October 09, 2017 – Homecoming Mass at Kennedy Catholic High School

Readings:
1Cor 3:9-11,16-17
Jn 14:1-6

[Preaching at the Kennedy Homecoming Mass is a bucket list item for me. I am so freaking excited to be here. I love this high school, and am so, eternally grateful for the education I received here, both in the classroom and outside of it. But the last thing any of you want is to hear me reminisce about how wonderful high school was for me. It would just kind of look sad, wouldn’t it? Yea… so I’ll cut to the chase.]

Who do you trust? Who can you trust? Who should you trust? These are key, life-defining questions. As children, we naturally trust our parents, unless that trust was betrayed through abuse or abandonment. But as we broaden our horizons, and begin to move out of the family home, our circles of trust have to broaden, too. Most of us quickly discover friends that we can trust. Many of us also trust certain coaches and teachers. Some of us will even put our trust in institutions like a political party, or this school, or the Catholic Church.

We have to ask ourselves this question of trust, because a big world is a scary place, and we would be overwhelmed if we had to survive it alone. Having people we can trust means that we can find safety when there is a storm, advice when we are confused, and love when we feel abandoned.

But trust can be hard, because it makes us vulnerable. By its very definition, trust means that we let down our barriers, let down our guard, and allow other people some level of power over us. This is why broken trust is so devastating: being betrayed makes all of our walls go back up again, makes us think that it is us, alone, against everyone else, and makes the big world once again a scary place.

So this week, I want you to pay attention to our football team. Football is one of those sports where you have to trust everyone on the field to do their job, because one hole in the line, one player running the wrong route or not covering his guy, causes the whole play to collapse. Our football players have to work on their own strength and their own skills, sure, but a significant amount of their practice time is also given to learning how to trust each other and operate as a team. And, gentlemen, I sincerely hope that your teamwork on the field also shows itself in how you treat each other and all your fellow students off the field, too.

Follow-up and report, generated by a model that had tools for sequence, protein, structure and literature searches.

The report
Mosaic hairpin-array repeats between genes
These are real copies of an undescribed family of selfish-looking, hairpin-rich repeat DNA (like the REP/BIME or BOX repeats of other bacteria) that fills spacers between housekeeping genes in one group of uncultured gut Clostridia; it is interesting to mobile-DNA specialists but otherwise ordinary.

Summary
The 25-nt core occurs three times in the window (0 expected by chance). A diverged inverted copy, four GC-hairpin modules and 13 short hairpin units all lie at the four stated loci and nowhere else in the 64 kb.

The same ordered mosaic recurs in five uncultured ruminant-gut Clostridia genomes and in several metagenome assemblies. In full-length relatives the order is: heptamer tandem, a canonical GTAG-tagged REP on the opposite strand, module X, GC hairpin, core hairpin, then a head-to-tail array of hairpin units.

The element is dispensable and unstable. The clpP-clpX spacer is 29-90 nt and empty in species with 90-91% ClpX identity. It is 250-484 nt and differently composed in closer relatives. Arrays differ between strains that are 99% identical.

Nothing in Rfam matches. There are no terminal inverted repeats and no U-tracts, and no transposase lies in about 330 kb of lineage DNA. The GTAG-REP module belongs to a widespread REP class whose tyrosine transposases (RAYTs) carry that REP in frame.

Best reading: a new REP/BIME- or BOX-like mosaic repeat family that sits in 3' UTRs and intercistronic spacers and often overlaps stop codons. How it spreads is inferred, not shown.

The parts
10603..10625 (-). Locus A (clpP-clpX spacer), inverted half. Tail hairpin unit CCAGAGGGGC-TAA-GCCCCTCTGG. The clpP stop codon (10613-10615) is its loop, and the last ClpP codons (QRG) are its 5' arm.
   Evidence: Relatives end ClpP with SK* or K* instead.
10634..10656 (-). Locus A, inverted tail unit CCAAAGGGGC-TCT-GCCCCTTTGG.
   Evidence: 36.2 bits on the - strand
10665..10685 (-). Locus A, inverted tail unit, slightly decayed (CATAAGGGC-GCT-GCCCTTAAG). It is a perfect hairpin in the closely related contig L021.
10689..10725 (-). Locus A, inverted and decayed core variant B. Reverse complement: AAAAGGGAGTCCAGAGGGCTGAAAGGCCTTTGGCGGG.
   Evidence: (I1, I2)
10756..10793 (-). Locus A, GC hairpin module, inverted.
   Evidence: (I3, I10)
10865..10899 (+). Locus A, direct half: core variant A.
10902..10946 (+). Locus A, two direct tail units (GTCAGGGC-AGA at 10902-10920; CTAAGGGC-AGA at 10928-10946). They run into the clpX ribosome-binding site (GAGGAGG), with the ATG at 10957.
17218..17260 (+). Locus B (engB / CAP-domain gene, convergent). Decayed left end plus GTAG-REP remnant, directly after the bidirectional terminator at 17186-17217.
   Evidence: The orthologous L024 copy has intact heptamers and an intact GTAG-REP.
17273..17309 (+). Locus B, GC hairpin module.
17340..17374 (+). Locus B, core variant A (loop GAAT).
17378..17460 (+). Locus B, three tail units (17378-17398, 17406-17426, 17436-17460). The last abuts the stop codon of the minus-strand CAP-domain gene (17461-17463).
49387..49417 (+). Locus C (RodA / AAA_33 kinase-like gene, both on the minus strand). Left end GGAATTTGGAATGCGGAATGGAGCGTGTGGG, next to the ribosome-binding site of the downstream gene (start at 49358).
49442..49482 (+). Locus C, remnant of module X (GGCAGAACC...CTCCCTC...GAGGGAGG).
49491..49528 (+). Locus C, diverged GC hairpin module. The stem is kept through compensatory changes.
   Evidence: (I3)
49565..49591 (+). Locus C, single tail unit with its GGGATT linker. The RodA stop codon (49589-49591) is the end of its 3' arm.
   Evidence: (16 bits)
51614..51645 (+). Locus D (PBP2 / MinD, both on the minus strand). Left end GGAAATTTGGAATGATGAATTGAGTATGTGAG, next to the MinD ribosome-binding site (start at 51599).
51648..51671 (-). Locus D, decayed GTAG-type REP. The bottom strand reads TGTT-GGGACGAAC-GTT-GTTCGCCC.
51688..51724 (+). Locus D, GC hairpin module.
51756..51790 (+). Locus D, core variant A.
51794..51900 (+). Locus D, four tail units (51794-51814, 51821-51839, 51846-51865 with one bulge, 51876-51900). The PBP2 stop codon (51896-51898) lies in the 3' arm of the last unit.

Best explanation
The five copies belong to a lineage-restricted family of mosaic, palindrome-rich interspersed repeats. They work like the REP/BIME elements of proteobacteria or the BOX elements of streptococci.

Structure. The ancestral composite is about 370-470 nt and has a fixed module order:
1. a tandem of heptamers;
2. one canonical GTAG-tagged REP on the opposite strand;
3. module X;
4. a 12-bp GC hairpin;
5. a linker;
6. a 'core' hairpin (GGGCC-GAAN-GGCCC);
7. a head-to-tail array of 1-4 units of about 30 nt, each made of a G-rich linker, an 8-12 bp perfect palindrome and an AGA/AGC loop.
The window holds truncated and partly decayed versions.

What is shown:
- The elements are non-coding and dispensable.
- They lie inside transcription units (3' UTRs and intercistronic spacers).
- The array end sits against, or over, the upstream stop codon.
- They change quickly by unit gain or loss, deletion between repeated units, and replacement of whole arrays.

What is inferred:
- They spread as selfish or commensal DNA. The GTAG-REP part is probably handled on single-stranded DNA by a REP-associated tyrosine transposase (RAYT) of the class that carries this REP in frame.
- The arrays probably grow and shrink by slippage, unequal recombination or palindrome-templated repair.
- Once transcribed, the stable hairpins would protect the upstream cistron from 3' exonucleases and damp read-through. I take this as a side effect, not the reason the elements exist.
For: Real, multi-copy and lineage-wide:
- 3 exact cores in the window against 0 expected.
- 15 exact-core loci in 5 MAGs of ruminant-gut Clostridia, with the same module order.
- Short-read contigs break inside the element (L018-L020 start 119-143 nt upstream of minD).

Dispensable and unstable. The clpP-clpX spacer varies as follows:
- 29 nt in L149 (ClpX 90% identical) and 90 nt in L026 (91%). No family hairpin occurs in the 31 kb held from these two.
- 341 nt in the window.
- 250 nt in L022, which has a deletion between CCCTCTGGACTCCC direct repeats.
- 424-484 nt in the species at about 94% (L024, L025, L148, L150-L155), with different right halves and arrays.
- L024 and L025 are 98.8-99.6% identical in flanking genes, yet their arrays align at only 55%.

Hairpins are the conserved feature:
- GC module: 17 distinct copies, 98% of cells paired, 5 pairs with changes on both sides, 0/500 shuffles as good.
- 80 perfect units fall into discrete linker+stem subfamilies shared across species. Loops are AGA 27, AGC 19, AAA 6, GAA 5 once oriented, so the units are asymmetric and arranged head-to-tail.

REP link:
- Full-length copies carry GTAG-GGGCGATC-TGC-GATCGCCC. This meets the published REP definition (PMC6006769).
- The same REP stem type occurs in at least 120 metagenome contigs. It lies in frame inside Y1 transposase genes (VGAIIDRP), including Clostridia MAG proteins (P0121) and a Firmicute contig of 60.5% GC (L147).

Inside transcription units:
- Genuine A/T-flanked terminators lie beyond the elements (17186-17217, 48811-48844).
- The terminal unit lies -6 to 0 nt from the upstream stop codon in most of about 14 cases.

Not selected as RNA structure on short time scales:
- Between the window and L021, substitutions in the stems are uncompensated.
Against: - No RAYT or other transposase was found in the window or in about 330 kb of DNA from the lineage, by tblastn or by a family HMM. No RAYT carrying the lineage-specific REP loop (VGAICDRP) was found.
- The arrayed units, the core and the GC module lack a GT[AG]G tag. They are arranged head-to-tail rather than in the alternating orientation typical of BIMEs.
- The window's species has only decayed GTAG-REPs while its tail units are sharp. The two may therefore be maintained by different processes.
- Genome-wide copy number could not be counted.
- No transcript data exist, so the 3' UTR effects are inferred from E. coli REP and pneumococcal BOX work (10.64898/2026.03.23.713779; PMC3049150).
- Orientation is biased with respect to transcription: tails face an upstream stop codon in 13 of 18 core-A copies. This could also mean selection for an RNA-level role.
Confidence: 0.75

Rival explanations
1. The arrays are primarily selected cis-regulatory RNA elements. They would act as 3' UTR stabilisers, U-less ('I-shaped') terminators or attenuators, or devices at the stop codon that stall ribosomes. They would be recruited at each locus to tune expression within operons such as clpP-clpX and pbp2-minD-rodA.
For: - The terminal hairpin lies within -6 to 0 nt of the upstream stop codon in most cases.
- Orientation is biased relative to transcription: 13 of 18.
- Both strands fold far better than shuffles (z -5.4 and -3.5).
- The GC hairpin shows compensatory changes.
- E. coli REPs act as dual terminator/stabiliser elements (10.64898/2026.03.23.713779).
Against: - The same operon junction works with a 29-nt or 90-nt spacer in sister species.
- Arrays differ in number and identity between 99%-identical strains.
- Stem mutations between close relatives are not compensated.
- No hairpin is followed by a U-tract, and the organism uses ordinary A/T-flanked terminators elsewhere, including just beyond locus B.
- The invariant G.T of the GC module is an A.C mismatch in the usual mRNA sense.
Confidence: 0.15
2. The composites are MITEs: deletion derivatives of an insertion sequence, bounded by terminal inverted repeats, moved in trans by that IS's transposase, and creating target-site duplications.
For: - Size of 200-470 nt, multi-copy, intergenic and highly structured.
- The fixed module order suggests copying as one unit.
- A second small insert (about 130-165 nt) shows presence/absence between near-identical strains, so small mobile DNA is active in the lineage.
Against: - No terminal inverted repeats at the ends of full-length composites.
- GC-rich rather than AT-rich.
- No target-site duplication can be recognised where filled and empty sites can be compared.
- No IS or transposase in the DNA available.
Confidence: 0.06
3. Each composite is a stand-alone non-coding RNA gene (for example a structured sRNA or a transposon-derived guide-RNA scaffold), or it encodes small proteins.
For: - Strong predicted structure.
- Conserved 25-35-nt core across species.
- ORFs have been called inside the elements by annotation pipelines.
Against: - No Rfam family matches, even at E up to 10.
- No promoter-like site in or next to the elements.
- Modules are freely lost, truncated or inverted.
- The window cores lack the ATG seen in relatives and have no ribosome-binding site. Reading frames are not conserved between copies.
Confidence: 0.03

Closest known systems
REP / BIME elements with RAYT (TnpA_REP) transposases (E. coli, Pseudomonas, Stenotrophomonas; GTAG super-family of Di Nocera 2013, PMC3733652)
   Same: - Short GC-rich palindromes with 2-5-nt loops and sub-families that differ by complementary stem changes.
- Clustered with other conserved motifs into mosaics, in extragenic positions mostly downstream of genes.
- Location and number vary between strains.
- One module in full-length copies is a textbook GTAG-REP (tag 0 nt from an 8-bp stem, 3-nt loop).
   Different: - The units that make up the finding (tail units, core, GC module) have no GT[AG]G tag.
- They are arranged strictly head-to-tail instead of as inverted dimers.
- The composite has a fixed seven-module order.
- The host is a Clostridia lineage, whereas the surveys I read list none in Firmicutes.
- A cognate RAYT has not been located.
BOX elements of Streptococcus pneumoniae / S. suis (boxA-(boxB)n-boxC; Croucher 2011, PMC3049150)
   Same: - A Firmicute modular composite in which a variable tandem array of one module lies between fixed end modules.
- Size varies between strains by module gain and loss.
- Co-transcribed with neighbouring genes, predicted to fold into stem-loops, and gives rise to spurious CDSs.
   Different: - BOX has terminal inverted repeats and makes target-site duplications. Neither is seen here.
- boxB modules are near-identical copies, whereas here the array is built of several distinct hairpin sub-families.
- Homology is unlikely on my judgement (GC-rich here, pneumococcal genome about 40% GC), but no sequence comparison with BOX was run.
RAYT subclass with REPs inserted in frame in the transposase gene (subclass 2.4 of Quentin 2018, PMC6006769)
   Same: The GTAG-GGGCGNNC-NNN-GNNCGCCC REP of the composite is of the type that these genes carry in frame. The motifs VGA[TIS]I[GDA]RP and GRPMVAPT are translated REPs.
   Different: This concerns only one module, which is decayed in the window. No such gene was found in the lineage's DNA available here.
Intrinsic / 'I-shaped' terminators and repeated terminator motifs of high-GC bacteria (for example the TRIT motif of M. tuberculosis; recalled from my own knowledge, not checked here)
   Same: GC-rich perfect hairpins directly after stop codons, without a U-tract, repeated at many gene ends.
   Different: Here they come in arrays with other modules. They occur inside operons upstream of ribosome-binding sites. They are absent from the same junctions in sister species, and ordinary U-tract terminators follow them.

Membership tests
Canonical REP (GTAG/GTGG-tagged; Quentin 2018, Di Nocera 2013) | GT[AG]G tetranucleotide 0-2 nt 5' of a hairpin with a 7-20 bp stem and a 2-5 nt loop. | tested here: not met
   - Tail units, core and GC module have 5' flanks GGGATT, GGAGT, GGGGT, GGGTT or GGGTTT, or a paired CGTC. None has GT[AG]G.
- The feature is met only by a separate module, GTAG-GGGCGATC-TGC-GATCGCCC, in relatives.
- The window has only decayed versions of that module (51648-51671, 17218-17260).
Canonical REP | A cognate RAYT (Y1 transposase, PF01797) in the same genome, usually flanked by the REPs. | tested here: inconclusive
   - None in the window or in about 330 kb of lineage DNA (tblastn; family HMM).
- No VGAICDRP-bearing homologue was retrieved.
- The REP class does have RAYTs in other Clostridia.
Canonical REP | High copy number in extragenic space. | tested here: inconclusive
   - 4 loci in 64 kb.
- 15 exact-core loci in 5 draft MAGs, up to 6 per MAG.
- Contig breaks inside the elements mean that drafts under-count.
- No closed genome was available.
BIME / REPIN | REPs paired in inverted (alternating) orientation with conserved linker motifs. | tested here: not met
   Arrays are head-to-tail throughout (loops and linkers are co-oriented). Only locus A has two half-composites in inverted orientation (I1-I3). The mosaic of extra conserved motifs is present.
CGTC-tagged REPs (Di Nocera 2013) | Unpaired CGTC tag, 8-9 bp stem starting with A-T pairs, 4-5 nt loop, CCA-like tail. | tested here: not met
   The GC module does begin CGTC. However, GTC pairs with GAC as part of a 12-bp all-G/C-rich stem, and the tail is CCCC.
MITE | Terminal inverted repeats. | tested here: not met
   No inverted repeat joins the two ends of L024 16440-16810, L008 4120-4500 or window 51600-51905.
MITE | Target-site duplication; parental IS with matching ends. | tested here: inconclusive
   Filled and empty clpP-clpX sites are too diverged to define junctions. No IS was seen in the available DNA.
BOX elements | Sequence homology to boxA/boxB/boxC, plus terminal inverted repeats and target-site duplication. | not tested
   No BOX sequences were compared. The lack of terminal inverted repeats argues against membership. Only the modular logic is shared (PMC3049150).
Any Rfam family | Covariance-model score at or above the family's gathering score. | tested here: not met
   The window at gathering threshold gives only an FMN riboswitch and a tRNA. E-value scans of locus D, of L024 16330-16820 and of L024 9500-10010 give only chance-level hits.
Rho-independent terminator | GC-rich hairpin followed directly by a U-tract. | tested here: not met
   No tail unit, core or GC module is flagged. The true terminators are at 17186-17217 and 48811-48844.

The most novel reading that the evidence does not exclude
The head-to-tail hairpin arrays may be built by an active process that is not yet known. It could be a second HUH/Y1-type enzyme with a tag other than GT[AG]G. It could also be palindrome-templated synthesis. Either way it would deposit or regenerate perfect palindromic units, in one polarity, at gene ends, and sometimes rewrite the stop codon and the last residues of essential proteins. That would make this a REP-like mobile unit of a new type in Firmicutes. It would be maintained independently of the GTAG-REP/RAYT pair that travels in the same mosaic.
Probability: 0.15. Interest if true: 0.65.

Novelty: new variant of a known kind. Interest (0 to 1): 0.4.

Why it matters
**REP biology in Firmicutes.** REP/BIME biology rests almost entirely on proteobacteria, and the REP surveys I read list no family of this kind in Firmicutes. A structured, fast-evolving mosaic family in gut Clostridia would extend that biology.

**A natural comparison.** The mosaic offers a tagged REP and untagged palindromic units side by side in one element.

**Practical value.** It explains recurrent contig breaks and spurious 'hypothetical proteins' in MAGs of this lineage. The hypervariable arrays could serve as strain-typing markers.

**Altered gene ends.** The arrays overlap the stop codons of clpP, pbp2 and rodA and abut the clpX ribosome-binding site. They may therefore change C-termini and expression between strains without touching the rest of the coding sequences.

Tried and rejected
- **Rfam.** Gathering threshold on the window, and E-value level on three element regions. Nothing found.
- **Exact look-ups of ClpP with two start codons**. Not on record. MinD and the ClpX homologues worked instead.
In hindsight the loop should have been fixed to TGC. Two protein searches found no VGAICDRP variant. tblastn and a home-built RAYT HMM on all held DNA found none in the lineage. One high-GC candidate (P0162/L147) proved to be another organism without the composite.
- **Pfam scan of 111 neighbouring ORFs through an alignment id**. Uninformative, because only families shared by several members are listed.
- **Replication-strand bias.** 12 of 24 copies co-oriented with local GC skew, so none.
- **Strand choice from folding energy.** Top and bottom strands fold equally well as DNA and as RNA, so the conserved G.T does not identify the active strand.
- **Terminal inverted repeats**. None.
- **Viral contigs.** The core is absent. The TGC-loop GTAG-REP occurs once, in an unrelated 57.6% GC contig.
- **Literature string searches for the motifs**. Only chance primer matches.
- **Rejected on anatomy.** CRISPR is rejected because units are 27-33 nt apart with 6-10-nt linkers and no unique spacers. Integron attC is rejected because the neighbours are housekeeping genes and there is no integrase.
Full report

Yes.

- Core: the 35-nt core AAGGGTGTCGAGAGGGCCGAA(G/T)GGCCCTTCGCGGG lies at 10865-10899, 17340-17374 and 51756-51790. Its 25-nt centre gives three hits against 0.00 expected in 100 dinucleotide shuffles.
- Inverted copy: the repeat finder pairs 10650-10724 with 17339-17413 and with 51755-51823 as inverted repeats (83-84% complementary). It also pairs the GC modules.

And yet, sometimes football teams fall apart. Sometimes they lose. I mean, know this never happens at Kennedy, but trust me, it does happen in other places. And it happens with the rest of our relationships, too. At some point, we realize that the people we trust are human, and even if they do not mean to, they do let us down from time to time. This can be a hard thing to realize, because it forces us to ask if there is anyone in the world that we can really, completely, fully trust.

Well, there is. That person is Jesus. And as corny as it sounds, as much as we may want to roll our eyes at the priest saying we can always trust Jesus, I mean it. I am absolutely serious.

We trust a lot of people, but there can only be one person that we trust absolutely, only one person that we open ourselves up to completely. Make that person Jesus. You have every reason to trust him. He has already shown how far he will go to love you and defend you. He has already gone all the way to the cross, without expecting anything in return. Plus, he knows you. He created you, he knit you together in your mothers’ wombs. He has been with you through every moment, every joy, and every pain. Jesus is not some angry God in heaven. Jesus is literally the closest friend you will ever have, and the only person in the world who will never mess up, accidentally or otherwise.

This is what St. Paul means when he says that our only foundation can be Jesus Christ. This is was Jesus means when he says that he is the Way, the Truth, and the Life. Jesus is our refuge in storms, our counselor in confusion, our source of love in every situation.

If you trust Jesus above everything else, then you will be able to forgive your other friends when they mess up. You will be able to forgive them and love them anyway, because you will not have expected them never to fail you. You will not have put unrealistic expectations on them. You will be able to trust them as human beings, because in addition to trusting them, you also trust the God of the universe who will never let you down.

Jesus is the source of our hope, our joy, and our victory. He really is the way, the truth, and the life.

Now, speaking of victory, let’s pray for ourselves, our school, and our teams. Let’s pray that whether we are on the field or off of it, we can show people what faith, trust, solidarity, perseverance, and love look like. Let’s go, let’s fight, and let’s win. Amen?

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